What should be done with monuments dedicated to historical figures whose actions or views are considered cruel, unjust, or immoral? In the following essays, two writers grapple with this question.
In “Monumental Stupidity,” author and historian Gary Kamiya argues for the preservation of such statues. He writes that activists and civic leaders fail “to recognize that monuments are historical artifacts, and the way many people receive them changes with the passage of time.” He kicks off his argument by looking at statues removed in his hometown of San Francisco.
In “The Slag Heap of History,” published earlier this year, journalist and author Tim Wendel offers a different view. He applauds the dismantling of Confederate monuments in Charlottesville, Virginia. (One of them—depicting Thomas “Stonewall” Jackson—is destined for an art exhibit in Los Angeles.) Wendel writes that providing context for troubling statues “doesn’t mean we are required to honor yesteryear’s evil in our public spaces.”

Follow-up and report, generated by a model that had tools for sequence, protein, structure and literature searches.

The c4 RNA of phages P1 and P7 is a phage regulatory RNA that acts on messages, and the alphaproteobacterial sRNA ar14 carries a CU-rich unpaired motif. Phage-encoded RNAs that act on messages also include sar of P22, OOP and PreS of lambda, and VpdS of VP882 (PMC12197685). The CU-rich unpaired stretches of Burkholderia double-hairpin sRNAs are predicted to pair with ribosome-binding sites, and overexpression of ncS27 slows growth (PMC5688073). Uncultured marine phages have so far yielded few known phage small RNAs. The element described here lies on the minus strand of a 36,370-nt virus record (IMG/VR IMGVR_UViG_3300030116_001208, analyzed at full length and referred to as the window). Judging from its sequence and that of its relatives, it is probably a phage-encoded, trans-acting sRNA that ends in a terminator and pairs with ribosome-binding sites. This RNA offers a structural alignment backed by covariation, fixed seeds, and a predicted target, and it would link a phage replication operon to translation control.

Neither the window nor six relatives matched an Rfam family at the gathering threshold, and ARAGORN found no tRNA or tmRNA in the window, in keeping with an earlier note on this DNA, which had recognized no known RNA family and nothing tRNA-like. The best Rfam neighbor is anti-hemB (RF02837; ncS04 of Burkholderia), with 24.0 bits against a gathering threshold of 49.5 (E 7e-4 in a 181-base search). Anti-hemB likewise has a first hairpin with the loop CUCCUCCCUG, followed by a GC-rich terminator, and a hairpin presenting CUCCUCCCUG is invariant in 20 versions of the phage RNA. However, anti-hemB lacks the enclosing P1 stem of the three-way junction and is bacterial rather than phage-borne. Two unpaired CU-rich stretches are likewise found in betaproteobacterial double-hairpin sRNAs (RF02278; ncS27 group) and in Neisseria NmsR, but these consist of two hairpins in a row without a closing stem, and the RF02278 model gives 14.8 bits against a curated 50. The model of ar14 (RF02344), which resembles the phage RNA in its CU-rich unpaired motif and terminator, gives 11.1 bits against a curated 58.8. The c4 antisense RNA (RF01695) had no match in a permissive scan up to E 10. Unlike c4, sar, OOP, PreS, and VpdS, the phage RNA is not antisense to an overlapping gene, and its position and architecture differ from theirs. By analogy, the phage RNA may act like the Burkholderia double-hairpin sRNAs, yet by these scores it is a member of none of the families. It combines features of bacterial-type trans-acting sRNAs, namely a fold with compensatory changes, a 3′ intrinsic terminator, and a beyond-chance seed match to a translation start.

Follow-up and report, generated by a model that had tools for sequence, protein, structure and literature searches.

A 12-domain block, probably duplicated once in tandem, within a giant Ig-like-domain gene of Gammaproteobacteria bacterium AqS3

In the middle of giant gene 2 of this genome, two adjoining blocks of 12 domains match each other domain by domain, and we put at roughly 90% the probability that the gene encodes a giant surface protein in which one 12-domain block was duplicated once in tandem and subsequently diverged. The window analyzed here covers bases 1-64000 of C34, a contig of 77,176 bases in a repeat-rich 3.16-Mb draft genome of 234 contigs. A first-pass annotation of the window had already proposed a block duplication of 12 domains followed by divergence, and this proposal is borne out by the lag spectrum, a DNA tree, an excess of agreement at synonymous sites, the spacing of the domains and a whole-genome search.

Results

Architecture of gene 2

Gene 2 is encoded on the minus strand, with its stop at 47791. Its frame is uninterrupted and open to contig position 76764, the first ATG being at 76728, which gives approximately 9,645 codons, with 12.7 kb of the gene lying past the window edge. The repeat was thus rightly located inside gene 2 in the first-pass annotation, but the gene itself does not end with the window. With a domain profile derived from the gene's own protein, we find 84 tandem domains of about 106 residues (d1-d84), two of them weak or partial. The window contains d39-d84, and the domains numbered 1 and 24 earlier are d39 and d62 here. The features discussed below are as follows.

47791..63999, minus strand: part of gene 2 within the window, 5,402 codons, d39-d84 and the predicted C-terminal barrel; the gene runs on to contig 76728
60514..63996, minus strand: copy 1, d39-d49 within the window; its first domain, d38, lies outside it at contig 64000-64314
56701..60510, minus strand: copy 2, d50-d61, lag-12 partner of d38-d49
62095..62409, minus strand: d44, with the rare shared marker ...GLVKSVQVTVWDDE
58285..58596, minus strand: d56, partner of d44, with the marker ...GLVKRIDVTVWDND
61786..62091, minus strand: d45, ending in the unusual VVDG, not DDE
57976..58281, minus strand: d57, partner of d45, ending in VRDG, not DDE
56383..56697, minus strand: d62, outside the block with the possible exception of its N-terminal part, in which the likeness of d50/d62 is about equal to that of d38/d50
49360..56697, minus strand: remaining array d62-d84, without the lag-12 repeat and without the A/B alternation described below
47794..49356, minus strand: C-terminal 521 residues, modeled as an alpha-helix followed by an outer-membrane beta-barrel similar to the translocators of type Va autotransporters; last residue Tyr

From the first issue of Alta Journal, we’ve made space for articles about the history of California and the West. By publishing viewpoints like Kamiya’s and Wendel’s, we seek to contextualize, critique, and consider the past to better understand the present.
We invite you to share your thoughts on these articles and what you think should be done with controversial monuments. Drop us a line at email@example.com.•
Historian Gary Kamiya argues that censoring public art dumbs down our culture, diminishes the texture of our cities, and sets back the cause of social justice.
Author Tim Wendel writes that Stonewall Jackson’s statue in Charlottesville, Virginia, should be melted down. Instead, the Confederate general is bound for Los Angeles.